There is no evidence that actually Devarajan was interesting himself in the complaint of Abdul Rahman regarding the conduct of the petitioner. But what is contended is that as a Joint Secretary in the Employees Union, Mr. Devarajan must be deemed to be interested in the cause which the Union has been espousing and that would mean that Shri Devarajan who is a member of the Board, now making the enquiry is affected with bias disqualifying him from participating in the further proceedings.
14. It may be recalled that due to the objection-raised by the petitioner to the inclusion of Devarajan as a member of the Enquiry Committee the Board by its resolution dated 6-10-59 dissolved that Committee and decided to make the enquiry itself, that is, by the full board. It is argued that if Devarajan was found unsuitable to be a member of the Enquiry Committee, he cannot also sit in the full board. Whether in the circumstances of this case the Cantonment Board was found in law to have dissolved the Enquiry Committee or not, it is obvious that it did so for the purpose of allaying the apprehensions of the petitioner as to the conduct of the enquiry. But it seems to me that different considerations would arise when the objection in taken as to Devarajan silting as a member of the full board,
15. Mr. Rangachari, has contended that it is a cardinal principle of natural justice that a man can-not be a judge in his own cause and by reason of his presumed interest in Abdul Rahman, Devarajan, is disqualified from sitting as a member of the Board to enquire into the charges. He placed reliance on the decision of the Supreme Court in Gultapalli Nageswara Rao v. A. P. S. R. T. Corporation, : AIR1959SC308 Subba Rao J., speaking for the majority of their Lordships of the Supreme Court in that case observed that it is one of the fundamental principles of judicial procedure that the person or persons who are entrusted with the duty of hearing a case judicially should be those who have no personal bias in the matter.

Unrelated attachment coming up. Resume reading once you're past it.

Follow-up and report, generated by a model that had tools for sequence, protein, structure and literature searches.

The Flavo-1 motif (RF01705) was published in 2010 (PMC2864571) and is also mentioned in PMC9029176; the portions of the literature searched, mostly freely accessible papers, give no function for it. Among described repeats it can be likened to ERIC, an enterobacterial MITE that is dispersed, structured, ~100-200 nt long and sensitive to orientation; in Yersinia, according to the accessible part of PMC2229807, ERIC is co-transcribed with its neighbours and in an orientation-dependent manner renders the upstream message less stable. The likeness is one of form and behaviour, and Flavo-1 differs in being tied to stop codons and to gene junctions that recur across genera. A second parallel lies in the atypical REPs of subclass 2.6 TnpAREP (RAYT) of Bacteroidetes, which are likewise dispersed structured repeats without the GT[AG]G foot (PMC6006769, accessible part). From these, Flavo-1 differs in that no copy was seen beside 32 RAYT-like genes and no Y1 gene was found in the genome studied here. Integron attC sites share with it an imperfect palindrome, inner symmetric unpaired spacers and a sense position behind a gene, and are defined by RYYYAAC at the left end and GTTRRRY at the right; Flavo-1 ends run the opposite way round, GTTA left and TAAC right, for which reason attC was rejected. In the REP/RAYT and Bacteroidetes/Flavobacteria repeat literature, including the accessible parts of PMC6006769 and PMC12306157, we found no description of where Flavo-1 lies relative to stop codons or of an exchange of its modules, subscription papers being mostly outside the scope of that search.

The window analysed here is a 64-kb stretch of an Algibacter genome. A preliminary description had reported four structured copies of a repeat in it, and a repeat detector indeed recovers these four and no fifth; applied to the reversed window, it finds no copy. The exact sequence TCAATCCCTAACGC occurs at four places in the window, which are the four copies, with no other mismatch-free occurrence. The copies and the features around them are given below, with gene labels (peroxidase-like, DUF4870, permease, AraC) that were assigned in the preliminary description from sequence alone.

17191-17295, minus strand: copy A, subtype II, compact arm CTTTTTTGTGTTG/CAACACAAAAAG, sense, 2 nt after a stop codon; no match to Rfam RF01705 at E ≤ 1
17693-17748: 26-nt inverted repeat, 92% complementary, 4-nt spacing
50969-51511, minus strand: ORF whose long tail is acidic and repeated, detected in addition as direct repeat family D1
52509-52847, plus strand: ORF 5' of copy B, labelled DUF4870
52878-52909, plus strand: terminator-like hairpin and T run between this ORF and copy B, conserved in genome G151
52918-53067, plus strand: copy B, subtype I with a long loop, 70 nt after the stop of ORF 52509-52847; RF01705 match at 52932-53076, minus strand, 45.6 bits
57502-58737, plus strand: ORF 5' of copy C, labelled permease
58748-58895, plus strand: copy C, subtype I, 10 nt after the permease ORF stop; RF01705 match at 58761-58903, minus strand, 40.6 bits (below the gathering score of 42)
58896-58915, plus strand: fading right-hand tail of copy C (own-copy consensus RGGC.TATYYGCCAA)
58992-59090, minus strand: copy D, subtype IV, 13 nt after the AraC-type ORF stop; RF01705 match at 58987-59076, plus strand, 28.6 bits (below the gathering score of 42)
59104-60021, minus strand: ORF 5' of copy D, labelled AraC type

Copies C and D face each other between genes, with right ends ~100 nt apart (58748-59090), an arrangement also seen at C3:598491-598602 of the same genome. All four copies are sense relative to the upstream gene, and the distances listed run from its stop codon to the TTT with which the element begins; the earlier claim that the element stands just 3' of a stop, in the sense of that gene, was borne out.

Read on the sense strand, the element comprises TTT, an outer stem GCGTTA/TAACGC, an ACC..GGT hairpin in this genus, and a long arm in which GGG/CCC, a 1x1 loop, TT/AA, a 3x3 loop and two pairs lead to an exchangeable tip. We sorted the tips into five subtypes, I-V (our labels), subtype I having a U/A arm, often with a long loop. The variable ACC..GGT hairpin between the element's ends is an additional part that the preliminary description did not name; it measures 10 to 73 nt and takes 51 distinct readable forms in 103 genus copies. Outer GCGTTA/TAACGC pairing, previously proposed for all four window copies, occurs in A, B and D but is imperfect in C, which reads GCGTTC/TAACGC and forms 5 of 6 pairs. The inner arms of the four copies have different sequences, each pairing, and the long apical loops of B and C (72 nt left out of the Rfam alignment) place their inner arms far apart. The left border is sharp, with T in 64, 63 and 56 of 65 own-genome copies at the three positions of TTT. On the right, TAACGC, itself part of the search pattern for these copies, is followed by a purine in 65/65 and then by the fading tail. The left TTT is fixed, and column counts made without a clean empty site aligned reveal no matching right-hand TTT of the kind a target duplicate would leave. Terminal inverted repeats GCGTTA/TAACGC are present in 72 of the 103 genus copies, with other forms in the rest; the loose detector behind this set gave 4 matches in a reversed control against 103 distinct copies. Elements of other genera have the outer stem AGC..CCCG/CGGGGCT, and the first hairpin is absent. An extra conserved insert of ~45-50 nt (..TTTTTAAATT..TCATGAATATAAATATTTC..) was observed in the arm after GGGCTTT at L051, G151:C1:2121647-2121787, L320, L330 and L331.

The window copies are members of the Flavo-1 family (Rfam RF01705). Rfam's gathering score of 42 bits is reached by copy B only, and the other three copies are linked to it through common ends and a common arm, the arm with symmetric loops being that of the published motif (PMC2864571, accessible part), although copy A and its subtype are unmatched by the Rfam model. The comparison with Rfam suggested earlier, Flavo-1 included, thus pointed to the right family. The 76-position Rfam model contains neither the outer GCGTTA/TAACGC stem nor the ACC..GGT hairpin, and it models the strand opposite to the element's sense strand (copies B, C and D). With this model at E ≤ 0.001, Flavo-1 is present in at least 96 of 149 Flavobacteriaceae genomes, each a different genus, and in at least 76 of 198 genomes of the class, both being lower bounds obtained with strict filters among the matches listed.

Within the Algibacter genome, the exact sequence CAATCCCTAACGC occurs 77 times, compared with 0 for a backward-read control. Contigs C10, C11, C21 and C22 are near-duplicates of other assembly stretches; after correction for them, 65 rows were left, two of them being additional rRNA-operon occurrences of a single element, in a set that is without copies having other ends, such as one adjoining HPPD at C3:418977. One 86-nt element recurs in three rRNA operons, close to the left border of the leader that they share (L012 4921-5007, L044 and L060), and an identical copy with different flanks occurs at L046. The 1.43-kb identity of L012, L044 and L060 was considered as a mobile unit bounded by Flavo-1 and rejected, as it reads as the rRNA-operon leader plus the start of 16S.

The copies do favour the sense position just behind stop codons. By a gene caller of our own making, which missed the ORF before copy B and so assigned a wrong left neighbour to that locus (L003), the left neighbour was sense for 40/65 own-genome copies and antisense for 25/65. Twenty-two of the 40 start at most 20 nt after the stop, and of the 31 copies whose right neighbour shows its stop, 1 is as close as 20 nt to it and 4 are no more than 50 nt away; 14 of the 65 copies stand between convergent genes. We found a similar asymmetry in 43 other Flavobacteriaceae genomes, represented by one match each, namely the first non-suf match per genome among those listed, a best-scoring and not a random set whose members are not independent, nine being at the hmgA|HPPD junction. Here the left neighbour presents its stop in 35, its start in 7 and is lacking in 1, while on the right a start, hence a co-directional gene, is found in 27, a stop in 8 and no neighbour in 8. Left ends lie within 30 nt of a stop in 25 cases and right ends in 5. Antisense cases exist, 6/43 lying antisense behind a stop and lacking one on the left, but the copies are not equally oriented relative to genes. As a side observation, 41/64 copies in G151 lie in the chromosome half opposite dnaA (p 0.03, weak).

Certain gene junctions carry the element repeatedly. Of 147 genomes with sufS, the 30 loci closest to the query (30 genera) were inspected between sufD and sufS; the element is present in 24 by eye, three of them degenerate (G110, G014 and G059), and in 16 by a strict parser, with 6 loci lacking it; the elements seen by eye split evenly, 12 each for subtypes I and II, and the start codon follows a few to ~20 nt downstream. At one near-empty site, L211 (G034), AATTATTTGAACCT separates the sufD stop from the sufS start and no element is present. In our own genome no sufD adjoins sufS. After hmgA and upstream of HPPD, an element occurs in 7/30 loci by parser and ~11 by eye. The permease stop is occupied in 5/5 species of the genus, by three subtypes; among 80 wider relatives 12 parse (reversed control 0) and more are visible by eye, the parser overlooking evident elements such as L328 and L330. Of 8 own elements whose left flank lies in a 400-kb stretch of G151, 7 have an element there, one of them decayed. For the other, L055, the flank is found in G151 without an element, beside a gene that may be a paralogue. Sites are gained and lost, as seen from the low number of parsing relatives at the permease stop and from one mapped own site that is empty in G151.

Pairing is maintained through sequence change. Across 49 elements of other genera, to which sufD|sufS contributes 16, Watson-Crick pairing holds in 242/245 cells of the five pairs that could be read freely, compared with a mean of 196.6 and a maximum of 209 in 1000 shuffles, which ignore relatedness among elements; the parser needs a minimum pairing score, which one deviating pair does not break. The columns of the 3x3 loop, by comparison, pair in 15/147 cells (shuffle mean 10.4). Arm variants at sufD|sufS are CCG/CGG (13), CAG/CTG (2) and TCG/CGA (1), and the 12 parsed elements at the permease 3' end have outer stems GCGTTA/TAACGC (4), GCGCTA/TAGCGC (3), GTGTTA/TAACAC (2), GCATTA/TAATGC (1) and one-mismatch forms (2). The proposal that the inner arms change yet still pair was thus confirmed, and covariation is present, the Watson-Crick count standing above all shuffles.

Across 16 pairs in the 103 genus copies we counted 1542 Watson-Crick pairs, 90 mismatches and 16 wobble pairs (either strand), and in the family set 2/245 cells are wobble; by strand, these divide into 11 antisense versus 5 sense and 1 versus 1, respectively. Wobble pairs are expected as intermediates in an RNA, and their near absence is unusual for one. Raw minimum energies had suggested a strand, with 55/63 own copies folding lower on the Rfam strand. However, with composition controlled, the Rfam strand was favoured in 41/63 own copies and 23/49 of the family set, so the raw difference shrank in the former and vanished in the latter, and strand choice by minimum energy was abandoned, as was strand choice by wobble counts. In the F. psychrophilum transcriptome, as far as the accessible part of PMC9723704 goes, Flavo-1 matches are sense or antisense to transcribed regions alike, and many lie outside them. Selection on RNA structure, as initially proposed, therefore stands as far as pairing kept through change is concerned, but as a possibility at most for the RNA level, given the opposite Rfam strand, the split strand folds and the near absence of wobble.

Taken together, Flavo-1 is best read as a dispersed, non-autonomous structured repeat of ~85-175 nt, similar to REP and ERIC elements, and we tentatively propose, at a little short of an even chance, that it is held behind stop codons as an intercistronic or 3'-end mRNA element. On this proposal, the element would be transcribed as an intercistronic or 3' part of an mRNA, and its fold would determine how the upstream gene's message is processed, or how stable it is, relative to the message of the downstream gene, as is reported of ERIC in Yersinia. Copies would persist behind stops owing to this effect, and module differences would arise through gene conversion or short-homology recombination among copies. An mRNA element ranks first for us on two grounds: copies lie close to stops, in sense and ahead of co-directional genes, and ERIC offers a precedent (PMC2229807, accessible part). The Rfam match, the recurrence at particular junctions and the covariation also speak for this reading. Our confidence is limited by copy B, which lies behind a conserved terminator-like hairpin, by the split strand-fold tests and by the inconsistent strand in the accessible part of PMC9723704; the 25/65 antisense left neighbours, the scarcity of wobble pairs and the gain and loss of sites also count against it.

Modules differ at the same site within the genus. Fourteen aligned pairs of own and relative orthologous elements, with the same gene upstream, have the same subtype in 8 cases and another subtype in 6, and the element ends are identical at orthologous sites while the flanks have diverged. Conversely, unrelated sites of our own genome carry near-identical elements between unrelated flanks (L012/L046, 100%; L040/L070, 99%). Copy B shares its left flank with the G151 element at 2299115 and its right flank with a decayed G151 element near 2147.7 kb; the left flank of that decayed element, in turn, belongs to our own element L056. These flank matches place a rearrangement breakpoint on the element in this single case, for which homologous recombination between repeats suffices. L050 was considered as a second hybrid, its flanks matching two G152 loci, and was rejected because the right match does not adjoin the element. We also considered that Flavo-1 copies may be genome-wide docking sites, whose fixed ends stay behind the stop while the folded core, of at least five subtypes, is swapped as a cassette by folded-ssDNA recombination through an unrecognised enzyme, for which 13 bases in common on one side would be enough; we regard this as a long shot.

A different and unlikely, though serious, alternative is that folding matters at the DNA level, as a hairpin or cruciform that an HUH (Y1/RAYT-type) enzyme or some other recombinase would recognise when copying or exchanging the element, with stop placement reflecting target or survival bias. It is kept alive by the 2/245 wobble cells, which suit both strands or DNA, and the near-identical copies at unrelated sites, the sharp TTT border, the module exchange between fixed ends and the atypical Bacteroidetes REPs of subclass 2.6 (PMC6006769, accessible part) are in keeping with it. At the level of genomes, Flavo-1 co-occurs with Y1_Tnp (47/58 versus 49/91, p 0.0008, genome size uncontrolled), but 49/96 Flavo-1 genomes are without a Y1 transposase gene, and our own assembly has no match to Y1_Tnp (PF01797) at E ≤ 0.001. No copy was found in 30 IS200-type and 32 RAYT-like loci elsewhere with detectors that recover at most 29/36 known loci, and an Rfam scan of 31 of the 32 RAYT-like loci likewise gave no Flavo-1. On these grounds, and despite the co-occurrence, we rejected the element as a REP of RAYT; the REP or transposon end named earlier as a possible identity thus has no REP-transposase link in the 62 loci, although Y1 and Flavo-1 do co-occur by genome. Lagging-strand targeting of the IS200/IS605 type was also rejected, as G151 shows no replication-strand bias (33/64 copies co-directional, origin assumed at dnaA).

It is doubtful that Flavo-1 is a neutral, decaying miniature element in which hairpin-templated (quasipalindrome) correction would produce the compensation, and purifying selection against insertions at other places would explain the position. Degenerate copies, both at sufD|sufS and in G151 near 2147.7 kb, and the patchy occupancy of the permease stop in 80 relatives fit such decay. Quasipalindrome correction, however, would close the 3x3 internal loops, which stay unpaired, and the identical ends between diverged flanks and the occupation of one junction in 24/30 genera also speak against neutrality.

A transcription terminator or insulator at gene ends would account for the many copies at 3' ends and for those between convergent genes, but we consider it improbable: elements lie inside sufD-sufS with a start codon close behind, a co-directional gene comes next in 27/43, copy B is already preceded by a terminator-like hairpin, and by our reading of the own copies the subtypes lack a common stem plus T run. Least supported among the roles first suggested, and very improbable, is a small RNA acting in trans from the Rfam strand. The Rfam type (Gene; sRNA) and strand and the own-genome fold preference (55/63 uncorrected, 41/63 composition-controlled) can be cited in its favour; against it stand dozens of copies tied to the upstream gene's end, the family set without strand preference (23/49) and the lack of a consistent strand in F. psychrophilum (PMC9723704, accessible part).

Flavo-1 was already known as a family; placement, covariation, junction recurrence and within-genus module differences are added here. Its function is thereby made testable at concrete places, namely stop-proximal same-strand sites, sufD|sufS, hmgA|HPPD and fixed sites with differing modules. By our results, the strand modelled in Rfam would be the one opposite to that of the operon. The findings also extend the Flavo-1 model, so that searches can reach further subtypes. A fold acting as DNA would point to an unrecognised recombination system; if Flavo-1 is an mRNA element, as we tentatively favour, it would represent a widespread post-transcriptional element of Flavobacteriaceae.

After citing the view of the English authorities including the decision of Lord Hewart C. J. in Rex v. Sussex Justices; Ex parte McCarthy, 1924-1 K. B. 256 the learned Judge held that even in quasi-judicial proceedings the authority empowered to decide the dispute between opposing parties must be one without bias towards one side or the other in the dispute. 'It is also a matter of fundamental importance' said the learned Judge :
'that the person interested in one party or the Other should not, even formally, take part in theproceedings though in fact he does not influence the mind of the person, who finally decides the case. This is on the principle that justice should not only be done, but should manifestly and undoubtedly be seen to be done.'